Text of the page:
Of course work goes on downstairs (or is supposed to go on) whether the mistress of a house be asleep or awake. It really was going on that evening in the laundry at Verner’s Pride, whatever it may have been doing in the other various branches and departments. The laundry-maids had had heavy labour on their hands that day, and they were hard at work still, while Mrs. Verner slept.
“Here’s Mother Duff’s Dan a-coming in!” exclaimed one of the women, glancing over her ironing-board to the yard. “What do he want, I wonder?”
“Who?” cried Nancy, the under-housemaid, a tart sort of girl, whose business it was to assist in the laundry on busy days.
“Dan Duff. Just see what he wants, Nancy. He’s got a parcel.”
The gentleman familiarly called Dan Duff was an urchin of ten years old. He was the son of Mrs. Duff, linen-draper-in-ordinary to Deerham—a lady popularly spoken of as “Mother Duff,” both behind her back and before her face. Nancy darted out at the laundry-door and waylaid the intruder in the yard.
“Now, Dan Duff!” cried she, “what do you want?”
“Please, here’s this,” was Dan Duff’s reply, handing over the parcel. “And, please, I want to see Rachel Frost.”
“Who’s it for? What’s inside it?” sharply asked Nancy, regarding the parcel on all sides.
“It’s things as Rachel Frost have been a-buying,” he replied. “Please, I want to see her.”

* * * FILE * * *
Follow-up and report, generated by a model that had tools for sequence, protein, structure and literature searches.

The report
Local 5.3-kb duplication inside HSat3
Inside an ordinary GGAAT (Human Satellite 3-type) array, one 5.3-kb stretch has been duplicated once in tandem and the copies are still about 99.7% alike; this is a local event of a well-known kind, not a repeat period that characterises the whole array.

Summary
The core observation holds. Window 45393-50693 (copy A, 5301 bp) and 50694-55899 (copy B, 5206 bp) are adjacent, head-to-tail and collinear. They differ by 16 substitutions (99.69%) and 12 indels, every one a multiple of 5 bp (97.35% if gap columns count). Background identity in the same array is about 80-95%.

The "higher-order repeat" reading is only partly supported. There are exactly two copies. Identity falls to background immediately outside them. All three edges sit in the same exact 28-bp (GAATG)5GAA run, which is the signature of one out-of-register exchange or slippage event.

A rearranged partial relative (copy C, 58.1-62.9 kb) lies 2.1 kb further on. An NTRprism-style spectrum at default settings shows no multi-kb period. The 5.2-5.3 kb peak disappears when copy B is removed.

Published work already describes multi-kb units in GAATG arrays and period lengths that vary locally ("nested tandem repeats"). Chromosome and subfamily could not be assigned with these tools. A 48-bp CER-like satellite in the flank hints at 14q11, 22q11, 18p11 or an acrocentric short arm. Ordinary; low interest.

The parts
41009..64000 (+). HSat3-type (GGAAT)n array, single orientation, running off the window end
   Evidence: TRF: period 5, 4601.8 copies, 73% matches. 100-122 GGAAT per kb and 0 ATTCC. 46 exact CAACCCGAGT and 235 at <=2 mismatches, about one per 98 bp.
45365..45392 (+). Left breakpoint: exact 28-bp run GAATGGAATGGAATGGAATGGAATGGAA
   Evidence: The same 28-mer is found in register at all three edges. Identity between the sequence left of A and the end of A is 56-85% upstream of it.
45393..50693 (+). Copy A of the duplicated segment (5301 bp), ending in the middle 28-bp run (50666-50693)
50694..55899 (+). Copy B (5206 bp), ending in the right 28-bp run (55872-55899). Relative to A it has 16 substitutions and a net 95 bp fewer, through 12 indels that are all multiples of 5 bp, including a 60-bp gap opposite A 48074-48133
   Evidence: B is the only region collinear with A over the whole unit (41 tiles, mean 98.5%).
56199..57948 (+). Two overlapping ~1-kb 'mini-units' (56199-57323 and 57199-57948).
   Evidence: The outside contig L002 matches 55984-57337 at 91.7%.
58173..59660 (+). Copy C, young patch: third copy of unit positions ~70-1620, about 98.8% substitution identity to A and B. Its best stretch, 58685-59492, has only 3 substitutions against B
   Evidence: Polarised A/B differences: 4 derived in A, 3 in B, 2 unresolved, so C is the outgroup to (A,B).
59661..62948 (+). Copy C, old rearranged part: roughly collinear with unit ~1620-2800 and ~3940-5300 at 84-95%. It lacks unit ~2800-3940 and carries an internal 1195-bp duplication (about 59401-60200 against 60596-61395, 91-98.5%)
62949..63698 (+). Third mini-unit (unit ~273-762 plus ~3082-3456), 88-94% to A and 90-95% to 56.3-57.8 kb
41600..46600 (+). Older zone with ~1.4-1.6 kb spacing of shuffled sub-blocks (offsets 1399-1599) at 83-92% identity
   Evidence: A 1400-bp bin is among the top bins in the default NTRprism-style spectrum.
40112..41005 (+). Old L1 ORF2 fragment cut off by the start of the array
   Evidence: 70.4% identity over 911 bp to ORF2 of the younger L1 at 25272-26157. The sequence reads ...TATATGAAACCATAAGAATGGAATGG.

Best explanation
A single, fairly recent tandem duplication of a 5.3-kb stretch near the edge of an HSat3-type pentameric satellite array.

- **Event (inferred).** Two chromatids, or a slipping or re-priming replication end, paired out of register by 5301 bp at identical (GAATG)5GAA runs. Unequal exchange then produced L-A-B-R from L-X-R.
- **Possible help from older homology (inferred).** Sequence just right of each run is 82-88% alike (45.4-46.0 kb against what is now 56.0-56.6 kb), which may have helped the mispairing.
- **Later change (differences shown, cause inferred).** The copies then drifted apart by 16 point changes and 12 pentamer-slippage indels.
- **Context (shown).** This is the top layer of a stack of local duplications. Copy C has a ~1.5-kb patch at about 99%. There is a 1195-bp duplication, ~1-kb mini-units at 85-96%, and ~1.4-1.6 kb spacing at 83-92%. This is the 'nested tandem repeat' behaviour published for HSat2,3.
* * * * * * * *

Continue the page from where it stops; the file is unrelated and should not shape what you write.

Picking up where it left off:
“Then want must be your master,” retorted Nancy. “Rachel Frost’s not at home.”
“Ain’t she?” returned Dan Duff, with surprised emphasis. “Why, she left our shop a long sight afore I did! Mother says, please, would she mind having some o’ the dark lavender print instead o’ the light, ’cause Susan Peckaby’s come in, and she wants the whole o’ the light lavender for a gownd, and there’s only just enough of it. And, please, I be to take word back.”
“How are you to take word back if she’s not in?” asked Nancy, whose temper never was improved by extra work. “Get along, Dan Duff! You must come along again to-morrow if you want her.”
Dan Duff turned to depart, in meek obedience, and Nancy carried the parcel into the laundry and flung it down on the ironing-board.
“It’s fine to be Rachel Frost,” she sarcastically cried. “Going shopping like any lady, and having her things sent home for her! And messages about her gownds coming up—which will she have, if you please, and which won’t she have! I’ll borror one of the horses to-morrow, and go shopping myself on a side-saddle!”